Homo erectus and Middle Pleistocene hominins: Brain size, skull form, and species recognition
G. Philip Rightmire
Hominins that differ from Homo erectus, the Neanderthals, and recent humans are known from Middle Pleistocene localities across the Old World. The taxonomic status of these populations has been clouded by controversy. Perhaps the most critical problem has been an incomplete understanding of variation in skull form. Here, both H. erectus and later mid-Pleistocene hominins are the focus of an investigation aimed at clarifying the relationships among brain volume, basicranial dimensions, neurocranial shape, and certain facial characters. Brain size in H. erectus averages about 950 cm3, while in a series of Middle Pleistocene crania from Africa and Europe, volume is about 1230 cm3. If encephalization is the primary mechanism operating in the mid-Pleistocene, then diverse aspects of cranial form cannot all be treated as independent variables. Correlation is utilized to examine the associations among measurements for more than 30 H. erectus crania that are reasonably well preserved. A similar approach is used with the Middle Pleistocene sample. Patterns of covariation are compared in order to assess integration. Next, factor analysis is applied to the H. erectus specimens in an attempt to identify modules, tightly integrated traits that can evolve independently. Studies of the variation within H. erectus are followed by direct comparisons with the Middle Pleistocene population. Discriminant functions facilitate the description of intergroup differences. Traits that vary independently from brain volume include anterior frontal broadening, lateral expansion of the parietal vault, elevation of the lambda–inion chord, and rounding of the sagittal contour of the occipital. This finding helps to resolve the problem of species recognition. Neurocranial proportions as well as characters from the cranial base and face can be incorporated into a differential diagnosis for the mid-Pleistocene sample. Evidence presented here supports arguments for speciation in the Middle Pleistocene.
Late Pleistocene climate change and the global expansion of anatomically modern humans
Eriksson et al.
Published online before print September 17, 2012, doi: 10.1073/pnas.1209494109
The extent to which past climate change has dictated the pattern and timing of the out-of-Africa expansion by anatomically modern humans is currently unclear [Stewart JR, Stringer CB (2012) Science 335:1317–1321]. In particular, the incompleteness of the fossil record makes it difficult to quantify the effect of climate. Here, we take a different approach to this problem; rather than relying on the appearance of fossils or archaeological evidence to determine arrival times in different parts of the world, we use patterns of genetic variation in modern human populations to determine the plausibility of past demographic parameters. We develop a spatially explicit model of the expansion of anatomically modern humans and use climate reconstructions over the past 120 ky based on the Hadley Centre global climate model HadCM3 to quantify the possible effects of climate on human demography. The combinations of demographic parameters compatible with the current genetic makeup of worldwide populations indicate a clear effect of climate on past population densities. Our estimates of this effect, based on population genetics, capture the observed relationship between current climate and population density in modern hunter–gatherers worldwide, providing supporting evidence for the realism of our approach. Furthermore, although we did not use any archaeological and anthropological data to inform the model, the arrival times in different continents predicted by our model are also broadly consistent with the fossil and archaeological records. Our framework provides the most accurate spatiotemporal reconstruction of human demographic history available at present and will allow for a greater integration of genetic and archaeological evidence.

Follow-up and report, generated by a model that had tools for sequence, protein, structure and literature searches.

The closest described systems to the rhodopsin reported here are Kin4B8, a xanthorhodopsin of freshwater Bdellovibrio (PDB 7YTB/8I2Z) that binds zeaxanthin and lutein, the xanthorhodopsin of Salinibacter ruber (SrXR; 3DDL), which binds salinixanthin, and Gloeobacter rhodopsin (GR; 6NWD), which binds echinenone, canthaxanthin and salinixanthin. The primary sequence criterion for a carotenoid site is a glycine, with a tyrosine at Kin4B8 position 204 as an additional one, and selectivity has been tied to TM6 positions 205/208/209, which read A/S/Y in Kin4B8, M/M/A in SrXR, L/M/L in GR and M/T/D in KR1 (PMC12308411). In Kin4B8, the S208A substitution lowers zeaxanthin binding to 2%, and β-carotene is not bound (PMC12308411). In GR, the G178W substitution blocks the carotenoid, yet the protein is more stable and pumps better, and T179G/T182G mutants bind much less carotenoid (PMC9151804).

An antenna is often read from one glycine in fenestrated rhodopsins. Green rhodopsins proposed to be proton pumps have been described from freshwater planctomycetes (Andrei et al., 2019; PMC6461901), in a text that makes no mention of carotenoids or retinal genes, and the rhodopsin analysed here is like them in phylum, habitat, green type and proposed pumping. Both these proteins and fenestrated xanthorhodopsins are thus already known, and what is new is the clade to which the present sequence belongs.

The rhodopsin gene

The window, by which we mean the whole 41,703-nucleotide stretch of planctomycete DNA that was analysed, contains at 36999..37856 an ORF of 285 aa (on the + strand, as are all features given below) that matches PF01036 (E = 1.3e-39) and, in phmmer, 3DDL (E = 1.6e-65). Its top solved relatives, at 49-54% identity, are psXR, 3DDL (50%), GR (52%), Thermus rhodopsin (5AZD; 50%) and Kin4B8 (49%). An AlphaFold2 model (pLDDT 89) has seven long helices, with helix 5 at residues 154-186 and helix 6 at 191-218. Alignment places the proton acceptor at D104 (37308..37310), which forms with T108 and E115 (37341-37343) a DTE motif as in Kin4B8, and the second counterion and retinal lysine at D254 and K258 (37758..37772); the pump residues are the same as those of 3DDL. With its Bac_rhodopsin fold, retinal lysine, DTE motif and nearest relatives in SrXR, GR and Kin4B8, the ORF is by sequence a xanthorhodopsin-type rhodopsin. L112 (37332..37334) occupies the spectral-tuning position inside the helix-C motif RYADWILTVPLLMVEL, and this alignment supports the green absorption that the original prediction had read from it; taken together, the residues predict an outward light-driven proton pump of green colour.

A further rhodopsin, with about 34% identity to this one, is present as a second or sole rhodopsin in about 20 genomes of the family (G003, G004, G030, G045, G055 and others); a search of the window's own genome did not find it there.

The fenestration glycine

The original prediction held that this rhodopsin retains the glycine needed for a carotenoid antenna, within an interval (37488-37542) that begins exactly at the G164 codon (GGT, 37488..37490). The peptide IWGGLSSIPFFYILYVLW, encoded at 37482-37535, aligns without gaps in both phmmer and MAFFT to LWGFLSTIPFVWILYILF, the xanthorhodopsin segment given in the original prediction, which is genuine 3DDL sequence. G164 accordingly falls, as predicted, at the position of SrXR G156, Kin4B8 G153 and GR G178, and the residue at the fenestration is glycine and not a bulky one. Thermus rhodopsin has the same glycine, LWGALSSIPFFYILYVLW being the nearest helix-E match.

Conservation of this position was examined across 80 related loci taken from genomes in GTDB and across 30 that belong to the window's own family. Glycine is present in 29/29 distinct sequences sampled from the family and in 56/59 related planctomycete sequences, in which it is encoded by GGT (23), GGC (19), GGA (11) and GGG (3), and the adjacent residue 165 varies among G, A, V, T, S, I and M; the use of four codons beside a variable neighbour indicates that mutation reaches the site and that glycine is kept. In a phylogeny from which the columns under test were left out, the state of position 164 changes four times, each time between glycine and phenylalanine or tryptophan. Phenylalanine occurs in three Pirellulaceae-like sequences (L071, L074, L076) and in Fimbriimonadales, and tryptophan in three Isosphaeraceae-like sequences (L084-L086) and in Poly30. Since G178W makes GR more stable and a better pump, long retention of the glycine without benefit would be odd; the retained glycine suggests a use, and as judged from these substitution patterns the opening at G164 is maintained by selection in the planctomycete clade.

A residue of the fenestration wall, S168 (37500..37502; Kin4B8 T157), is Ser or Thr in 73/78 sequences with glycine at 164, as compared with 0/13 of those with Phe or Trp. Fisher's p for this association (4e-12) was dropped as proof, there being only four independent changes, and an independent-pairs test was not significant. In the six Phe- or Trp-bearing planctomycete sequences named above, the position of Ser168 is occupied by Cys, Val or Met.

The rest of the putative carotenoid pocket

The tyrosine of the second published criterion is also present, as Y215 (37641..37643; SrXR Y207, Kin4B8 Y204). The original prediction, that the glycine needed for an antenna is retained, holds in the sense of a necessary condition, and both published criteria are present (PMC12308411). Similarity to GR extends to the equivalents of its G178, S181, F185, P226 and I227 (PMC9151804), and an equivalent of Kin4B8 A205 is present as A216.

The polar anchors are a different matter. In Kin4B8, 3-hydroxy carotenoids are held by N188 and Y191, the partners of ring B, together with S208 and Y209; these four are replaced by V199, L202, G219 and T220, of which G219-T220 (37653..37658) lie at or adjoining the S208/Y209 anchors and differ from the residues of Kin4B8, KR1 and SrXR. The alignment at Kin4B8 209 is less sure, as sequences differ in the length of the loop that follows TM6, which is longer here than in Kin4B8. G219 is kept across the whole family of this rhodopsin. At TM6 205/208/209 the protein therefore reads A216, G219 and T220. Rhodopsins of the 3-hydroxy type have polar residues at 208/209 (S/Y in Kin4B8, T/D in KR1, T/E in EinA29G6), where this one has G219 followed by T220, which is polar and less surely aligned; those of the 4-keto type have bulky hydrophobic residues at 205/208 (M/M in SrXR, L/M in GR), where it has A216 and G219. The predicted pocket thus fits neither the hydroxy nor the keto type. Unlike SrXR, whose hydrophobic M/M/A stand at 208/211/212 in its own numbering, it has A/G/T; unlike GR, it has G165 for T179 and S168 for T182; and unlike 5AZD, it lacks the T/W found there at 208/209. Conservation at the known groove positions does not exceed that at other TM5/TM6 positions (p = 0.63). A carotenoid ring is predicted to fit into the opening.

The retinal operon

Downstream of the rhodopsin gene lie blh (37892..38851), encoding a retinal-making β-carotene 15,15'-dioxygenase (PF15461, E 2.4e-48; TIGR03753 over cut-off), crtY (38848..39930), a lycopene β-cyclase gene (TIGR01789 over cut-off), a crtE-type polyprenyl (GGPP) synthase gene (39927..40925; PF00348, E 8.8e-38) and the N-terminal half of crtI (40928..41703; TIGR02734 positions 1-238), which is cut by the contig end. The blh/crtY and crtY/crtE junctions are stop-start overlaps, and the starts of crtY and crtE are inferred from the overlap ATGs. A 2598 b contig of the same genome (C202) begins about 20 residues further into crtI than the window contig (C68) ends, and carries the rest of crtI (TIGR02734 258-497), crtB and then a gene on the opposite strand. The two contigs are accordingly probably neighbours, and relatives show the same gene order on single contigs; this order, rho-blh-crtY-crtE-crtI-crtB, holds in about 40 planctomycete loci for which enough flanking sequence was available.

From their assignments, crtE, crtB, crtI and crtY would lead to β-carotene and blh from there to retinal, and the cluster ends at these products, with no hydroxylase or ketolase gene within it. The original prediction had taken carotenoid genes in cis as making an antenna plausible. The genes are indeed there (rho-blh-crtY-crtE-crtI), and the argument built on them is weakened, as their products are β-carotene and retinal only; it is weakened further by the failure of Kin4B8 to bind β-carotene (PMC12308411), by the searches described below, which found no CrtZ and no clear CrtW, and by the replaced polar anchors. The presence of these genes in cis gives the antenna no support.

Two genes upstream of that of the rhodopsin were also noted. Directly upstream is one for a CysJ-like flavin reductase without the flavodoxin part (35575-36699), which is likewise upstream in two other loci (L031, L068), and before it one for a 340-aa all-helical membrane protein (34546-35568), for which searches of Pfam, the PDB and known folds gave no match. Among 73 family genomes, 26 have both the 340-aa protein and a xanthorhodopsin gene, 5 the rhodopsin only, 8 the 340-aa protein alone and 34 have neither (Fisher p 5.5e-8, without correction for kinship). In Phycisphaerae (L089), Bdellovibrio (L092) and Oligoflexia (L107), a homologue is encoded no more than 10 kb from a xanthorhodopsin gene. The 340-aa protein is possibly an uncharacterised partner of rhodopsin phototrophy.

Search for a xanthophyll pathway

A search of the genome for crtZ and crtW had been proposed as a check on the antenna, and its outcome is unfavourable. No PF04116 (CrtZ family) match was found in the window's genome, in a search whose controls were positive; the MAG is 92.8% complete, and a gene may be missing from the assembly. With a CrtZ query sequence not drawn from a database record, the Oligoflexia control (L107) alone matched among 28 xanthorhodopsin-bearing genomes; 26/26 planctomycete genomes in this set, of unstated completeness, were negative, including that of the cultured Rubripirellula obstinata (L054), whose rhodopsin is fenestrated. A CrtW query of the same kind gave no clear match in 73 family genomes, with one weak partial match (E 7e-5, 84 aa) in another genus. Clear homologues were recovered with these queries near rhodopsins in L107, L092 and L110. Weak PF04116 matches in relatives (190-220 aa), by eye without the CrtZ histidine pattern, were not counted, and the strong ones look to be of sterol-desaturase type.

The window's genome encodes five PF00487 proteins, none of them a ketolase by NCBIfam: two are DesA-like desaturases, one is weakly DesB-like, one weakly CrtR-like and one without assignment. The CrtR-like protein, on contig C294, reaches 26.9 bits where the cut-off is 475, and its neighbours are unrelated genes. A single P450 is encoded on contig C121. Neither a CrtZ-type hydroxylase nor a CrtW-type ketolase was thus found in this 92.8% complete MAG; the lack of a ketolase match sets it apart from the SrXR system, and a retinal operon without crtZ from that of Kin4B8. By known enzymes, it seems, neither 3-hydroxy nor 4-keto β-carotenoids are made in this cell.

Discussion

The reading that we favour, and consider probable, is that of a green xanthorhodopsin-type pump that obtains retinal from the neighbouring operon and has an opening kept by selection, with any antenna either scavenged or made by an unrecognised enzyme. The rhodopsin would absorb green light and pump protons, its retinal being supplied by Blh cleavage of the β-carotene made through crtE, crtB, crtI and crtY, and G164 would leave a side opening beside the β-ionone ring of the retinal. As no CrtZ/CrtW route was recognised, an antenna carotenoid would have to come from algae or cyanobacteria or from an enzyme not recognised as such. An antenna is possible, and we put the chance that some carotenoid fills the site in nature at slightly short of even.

Video coverage of Did Climate Change Shape Human Evolution? – meeting at Lamont in March 2012.
‘Red Deer Cave people’ may be new species of human
Stone age remains of people with a penchant for home-cooked venison could represent a new human evolutionary line
Human Remains from the Pleistocene-Holocene Transition of Southwest China Suggest a Complex Evolutionary History for East Asians
Energetics and the evolution of human brain size
Carel P. van Schaik
Journal name: Nature
Date published: 01 December 2011
The human brain stands out among mammals by being unusually large. The
expensive-tissue hypothesis1 explains its evolution by proposing a trade-off
between the size of the brain and that of the digestive tract, which is
smaller than expected for a primate of our body size. Although this
hypothesis is widely accepted, empirical support so far has been equivocal.
Here we test it in a sample of 100 mammalian species, including 23 primates,
by analysing brain size and organ mass data. We found that, controlling for
fat-free body mass, brain size is not negatively correlated with the mass of
the digestive tract or any other expensive organ, thus refuting the
expensive-tissue hypothesis. Nonetheless, consistent with the existence of
energy trade-offs with brain size, we find that the size of brains and
adipose depots are negatively correlated in mammals, indicating that
encephalization and fat storage are compensatory strategies to buffer
against starvation. However, these two strategies can be combined if fat
storage does not unduly hamper locomotor efficiency. We propose that human
encephalization was made possible by a combination of stabilization of
energy inputs and a redirection of energy from locomotion, growth and